Lectures on the Philosophy of Right, 1819–1820

Published in 1821, Outlines of the Philosophy of Right is considered the definitive articulation of the legal, moral, social, and political philosophy of G.W.F. Hegel. However, shortly before its publication, Hegel delivered a series of lectures on the subject matter of the work at the University of Berlin. These lectures are unlike any others Hegel gave on the philosophy of Right in that they do not supplement a published text but rather give a full and independent presentation of his mature political thought. Yet, they are also unlike Hegel’s formal treatise in that they form a smooth and flowing discourse, much like Hegel’s lectures on the philosophy of history, philosophy of art, philosophy of religion, and history of philosophy. Substantively, these lectures contain more extensive discussions of poverty and the proletariat than are found in Hegel’s published text – discussions that carry out the retreat from optimism about the present age intimated in the preface to Outlines but nowhere evident in the text itself.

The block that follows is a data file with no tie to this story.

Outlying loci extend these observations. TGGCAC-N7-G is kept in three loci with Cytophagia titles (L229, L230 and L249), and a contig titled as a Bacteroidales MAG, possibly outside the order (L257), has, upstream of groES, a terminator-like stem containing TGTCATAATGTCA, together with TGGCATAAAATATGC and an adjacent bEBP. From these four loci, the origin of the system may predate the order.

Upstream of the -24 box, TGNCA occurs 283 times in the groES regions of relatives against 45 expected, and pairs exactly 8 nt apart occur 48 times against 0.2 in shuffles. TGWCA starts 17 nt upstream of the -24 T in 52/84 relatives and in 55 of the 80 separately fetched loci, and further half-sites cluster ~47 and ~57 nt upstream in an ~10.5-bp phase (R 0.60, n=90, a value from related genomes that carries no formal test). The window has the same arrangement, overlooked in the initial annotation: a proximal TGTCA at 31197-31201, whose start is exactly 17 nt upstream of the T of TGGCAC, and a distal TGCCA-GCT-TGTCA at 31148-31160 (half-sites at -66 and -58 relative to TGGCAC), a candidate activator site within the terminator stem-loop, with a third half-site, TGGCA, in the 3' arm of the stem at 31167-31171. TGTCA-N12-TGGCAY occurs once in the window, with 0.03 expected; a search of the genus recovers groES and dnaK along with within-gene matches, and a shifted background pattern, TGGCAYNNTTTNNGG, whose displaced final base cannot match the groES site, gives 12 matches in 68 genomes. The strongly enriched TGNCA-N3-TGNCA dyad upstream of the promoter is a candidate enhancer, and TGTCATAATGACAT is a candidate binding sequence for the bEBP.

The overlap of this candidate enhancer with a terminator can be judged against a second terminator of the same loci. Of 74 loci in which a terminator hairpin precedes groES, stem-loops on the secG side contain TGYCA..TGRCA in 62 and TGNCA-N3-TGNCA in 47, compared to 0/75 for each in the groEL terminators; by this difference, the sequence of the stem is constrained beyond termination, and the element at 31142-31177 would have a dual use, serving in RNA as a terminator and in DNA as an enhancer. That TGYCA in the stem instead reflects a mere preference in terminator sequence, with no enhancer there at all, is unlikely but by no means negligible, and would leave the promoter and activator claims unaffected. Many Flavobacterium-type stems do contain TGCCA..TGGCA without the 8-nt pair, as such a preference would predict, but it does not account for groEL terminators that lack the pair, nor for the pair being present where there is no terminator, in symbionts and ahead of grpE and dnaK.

Translated with an introduction and notes by Alan Brudner, Hegel’s 1819/20 lectures on the philosophy of Right present his complete thoughts on law and the state in a manner that is more accessible and engaging than any other Hegelian text on these subjects.

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